According to Amazon’s 2023 2nd quarter report, as shared by Musaffa, Amazon’s total interest-bearing securities and assets amount to $64.51 billion, and it has a 36-month average market capitalization of $1.44 trillion, resulting in an interest and asset ratio of 4.47%.

This suggests that around 4.47% of Amazon’s total assets are invested in interest-bearing securities, generating interest income. This aligns with AAOIFI Sharia standards, which state:

“That the total amount of interest-taking deposits, whether short, medium or long-term, shall not exceed 30% of the market capitalization of total equity, knowingly that interest-taking deposits are prohibited whatsoever the collective amount is”

It is worth noting that  AAOIFI’s standard is just one of several different Shariah standards that are used by Islamic investors around the world. Some Islamic scholars may have stricter or more lenient criteria for determining if a stock is halal. 

Our findings indicate that trading Amazon stocks demands caution due to areas of concern in its business activities. Amazon’s financial structure and compliance with Sharia standards, particularly in terms of debt and interest-bearing assets, demonstrate efforts to align with Sharia-compliant principles. Therefore, we advise investors to exercise caution when considering Amazon as a potential investment option and recommend consulting with a qualified Islamic scholar.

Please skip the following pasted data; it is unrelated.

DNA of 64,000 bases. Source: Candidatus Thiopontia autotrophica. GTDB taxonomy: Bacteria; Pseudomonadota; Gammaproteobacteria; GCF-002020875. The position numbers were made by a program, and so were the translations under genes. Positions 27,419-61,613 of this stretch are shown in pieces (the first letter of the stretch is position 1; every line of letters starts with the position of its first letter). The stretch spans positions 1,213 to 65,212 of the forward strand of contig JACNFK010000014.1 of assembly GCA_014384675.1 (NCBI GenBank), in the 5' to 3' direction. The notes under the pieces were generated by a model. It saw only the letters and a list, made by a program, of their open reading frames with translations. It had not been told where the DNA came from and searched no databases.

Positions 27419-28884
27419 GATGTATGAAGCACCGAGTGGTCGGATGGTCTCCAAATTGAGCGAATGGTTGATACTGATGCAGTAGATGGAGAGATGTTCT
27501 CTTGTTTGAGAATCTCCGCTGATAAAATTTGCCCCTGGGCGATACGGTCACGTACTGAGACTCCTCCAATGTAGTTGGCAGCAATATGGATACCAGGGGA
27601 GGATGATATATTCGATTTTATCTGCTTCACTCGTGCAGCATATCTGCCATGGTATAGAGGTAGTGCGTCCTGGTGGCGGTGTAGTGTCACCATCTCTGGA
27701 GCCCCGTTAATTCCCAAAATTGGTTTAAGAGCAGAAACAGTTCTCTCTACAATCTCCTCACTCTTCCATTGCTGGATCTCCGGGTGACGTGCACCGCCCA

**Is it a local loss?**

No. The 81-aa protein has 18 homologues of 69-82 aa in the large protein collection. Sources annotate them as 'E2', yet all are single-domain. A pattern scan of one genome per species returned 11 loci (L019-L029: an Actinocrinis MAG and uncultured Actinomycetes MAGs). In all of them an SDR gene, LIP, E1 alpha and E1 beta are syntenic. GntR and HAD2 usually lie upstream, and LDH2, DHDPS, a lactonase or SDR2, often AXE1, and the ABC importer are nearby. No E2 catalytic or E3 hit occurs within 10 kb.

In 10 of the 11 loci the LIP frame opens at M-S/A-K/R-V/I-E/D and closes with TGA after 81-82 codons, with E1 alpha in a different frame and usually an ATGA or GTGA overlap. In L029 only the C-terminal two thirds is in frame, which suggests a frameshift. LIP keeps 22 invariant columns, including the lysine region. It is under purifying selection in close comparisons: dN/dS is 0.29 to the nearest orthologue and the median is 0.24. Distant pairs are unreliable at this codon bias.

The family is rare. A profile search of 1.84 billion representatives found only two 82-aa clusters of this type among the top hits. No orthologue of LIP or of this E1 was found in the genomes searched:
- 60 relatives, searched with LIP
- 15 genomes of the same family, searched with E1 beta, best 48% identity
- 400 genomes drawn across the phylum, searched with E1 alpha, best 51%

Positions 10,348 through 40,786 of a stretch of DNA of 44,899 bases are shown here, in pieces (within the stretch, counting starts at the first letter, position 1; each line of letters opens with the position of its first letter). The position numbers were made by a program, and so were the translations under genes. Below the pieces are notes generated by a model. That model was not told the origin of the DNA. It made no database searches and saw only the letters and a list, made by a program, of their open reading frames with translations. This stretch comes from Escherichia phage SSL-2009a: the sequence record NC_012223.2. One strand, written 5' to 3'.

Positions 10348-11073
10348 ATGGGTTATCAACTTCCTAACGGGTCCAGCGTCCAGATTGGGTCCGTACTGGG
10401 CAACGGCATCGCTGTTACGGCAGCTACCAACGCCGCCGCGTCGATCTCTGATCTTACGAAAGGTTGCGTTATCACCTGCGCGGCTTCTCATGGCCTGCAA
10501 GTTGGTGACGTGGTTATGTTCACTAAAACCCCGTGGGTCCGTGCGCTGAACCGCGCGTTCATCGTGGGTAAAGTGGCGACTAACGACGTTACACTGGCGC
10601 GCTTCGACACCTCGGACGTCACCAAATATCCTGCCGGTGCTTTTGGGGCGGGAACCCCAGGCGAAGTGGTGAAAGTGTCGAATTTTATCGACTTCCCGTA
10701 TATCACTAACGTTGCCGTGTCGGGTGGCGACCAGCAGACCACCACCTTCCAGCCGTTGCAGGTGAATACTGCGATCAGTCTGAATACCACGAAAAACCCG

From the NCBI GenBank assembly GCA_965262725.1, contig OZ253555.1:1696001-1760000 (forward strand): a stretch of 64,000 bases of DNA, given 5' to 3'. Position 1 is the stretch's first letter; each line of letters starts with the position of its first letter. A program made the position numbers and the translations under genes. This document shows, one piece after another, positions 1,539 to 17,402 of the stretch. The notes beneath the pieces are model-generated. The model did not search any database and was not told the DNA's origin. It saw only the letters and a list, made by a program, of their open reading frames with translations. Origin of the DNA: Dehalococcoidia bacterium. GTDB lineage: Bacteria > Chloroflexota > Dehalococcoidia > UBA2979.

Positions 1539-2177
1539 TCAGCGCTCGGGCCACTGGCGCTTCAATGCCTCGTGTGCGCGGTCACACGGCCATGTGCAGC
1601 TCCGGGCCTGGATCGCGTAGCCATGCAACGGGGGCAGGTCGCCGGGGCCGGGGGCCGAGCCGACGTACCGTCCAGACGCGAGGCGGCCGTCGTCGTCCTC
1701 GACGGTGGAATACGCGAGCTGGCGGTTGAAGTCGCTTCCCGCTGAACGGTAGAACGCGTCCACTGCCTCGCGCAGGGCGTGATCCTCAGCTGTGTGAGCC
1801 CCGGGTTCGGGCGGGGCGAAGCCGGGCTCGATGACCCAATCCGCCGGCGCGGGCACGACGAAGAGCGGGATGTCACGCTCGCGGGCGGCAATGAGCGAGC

In the quest to find an answer to the question ‘Is Amazon stock halal?’ the information provided in this article suggests that investing in Amazon stock may not be considered strictly halal (permissible) according to the guidelines set forth by Justice Mufti Muhammad Taqi Usmani and the AAOIFI Sharia standards. Several factors supporting this conclusion include Amazon’s involvement in diverse business activities like e-commerce and cloud computing, its sale of forbidden products like alcohol and pork, and the provision of entertainment content not conforming to Sharia law. Additionally, Amazon’s non-Sharia compliant income surpasses the 5% threshold set by AAOIFI Sharia standards, but its interest-bearing debt ratio and interest-bearing securities and asset ratio remain relatively low, staying within the AAOIFI limit of 30%. 

In summary, based on the provided information and the AAOIFI Sharia standards, Amazon’s stock appears to have certain areas of concern in terms of compliance with Sharia-compliant principles, especially regarding the nature of its business activities and its non-Shariah-compliant income. However, Amazon’s financial structure seems to be relatively in line with Islamic finance principles, particularly concerning its debt and interest-bearing assets.

Ultimately, the decision to invest in Amazon stock from an Islamic perspective should be made with caution, and it is advisable to consult with a qualified Islamic scholar who may have more specific and nuanced criteria for determining the permissibility of such investments.